I was again pleased with my run. My legs were hurting far worse than they were coming off the bike in Oceanside, but to keep the run split in the mid 1:16’s lets me know I can ride really hard and still run well. Getting off the bike I could see Axel Zeebroek in front of me – he started :30 seconds back and passed me on the bike within 10miles. I knew to beat him I would have to catch him and run another 30 seconds into him by the finish. I started off with a way too fast 5:19 first mile and a 5:25 second mile, yet I didn’t close the gap at all. From there I had to settle into a pace slightly more comfortable and hope that he would fade in the last couple miles. Unfortunately he didn’t. It was really hard to judge where I was relative to anyone else. You simply had to run as best you could and hope it worked out in the end. You could get an idea based on bib numbers, how far ahead someone started, but it was far from exact. This did keep me running hard, but it was really not the same as knowing exactly where you were in the field. One thing is for sure, there was no slowing down in the last mile, as is sometimes the case once your position in the race is locked up.
I knew coming to the line that at least two guys had beat me for sure. Zeebroek and Dirk Bockel. Bockel caught me in the last mile, and knowing that he started 1.5 minutes back off the start line I figured I did pretty good. He would have in contention for a top 5, and 1.5minutes back would give me a decent placing for sure. Regardless, I was flat out to the line – dreading coming 9th and missing a little payday by just a couple seconds. I did end up coming 9th, darn it, but a good 40 seconds back of 8th and 1:47 out of 5th. That’s quite a bit of time and not something I feel I could have gained by racing any differently.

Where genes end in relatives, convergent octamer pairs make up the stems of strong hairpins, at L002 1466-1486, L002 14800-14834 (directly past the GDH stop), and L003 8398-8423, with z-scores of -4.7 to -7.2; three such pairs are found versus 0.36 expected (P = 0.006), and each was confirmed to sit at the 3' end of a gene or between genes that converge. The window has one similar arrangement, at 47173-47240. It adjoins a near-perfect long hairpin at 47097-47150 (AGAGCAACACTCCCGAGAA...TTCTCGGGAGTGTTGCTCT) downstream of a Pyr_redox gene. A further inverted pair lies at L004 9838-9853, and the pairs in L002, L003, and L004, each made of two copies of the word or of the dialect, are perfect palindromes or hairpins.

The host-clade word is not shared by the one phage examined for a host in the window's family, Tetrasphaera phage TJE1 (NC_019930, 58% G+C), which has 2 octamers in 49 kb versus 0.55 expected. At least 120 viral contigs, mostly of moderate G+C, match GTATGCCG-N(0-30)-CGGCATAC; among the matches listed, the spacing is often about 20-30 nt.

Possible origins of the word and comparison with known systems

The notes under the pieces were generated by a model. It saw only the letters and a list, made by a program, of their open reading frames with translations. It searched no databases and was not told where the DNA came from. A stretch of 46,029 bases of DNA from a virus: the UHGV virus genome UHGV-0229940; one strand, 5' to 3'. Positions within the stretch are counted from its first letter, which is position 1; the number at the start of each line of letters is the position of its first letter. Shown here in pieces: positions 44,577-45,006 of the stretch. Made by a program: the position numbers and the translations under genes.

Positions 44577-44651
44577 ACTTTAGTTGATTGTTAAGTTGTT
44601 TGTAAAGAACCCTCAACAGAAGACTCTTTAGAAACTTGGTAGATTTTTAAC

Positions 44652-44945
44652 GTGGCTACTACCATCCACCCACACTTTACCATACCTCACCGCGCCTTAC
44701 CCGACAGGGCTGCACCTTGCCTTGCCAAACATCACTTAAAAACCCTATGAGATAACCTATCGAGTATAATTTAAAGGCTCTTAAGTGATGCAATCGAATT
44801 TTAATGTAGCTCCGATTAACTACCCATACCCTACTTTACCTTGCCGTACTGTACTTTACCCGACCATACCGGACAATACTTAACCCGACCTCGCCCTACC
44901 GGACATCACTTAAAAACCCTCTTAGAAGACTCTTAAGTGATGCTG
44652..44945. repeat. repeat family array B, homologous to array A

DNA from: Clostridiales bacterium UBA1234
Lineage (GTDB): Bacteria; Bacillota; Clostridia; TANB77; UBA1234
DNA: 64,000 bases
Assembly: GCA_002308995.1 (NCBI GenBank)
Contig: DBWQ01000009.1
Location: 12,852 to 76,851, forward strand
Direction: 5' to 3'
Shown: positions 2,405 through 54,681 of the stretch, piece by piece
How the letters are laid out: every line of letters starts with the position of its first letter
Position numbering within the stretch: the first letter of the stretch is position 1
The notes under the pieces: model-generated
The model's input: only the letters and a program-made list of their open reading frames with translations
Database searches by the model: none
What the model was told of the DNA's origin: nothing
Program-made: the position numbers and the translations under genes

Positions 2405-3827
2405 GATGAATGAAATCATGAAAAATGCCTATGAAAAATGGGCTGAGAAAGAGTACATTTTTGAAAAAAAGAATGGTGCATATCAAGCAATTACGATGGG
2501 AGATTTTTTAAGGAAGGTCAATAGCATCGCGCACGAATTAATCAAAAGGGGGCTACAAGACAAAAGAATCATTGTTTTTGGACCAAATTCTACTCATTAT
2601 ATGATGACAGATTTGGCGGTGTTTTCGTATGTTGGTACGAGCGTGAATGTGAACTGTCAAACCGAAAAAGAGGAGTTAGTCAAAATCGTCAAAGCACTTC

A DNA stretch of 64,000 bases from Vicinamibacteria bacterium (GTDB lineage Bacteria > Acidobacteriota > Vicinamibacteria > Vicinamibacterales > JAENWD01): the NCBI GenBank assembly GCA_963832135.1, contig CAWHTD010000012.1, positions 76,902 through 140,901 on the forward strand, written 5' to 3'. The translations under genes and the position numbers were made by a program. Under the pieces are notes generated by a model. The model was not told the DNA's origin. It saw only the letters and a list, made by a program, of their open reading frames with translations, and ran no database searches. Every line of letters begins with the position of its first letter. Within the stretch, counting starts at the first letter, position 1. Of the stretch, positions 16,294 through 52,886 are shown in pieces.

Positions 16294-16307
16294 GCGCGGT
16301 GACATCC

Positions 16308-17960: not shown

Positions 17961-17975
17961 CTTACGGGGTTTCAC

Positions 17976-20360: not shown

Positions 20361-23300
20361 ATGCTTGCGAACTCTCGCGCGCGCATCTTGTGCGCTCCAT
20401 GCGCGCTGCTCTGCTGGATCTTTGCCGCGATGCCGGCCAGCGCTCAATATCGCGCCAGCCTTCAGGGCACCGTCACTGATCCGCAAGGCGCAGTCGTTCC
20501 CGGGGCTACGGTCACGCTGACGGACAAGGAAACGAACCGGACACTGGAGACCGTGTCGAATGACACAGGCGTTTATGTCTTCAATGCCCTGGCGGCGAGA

Solid day. At first glance you would expect that the lack of swim would have helped my placing on the day. It’s not that easy to say that, though. Yes, there were 2 or 3 guys behind me that would outswim me by over a minute for sure. But, because of their good swims they also end up with a group of cyclists that cause them to ride really hard and potentially see them blow up. All said I would have rather had the swim regardless of what it did to my overall placing. I just missed a great group in Oceanside a couple weeks ago and was keen to see if I could get in with those guys at this race.

A little walk down Bourbon street post race

It’s been a great start to the year. Next up…probably Rev3 Quassy and Boise 70.3 after a month of training in St. George, Utah.

Sweet. I bet you the owner of this does not wear spandex

View from my homestays backyard/dock.

~ by trevorandheather on April 20, 2011.

One Response to “New Orleans 70.3 Race Report – Trev”

  1. Great race Trevor! Most of us can only dream of holding that Wattage for that long… a shame about missing the payday by one spot though.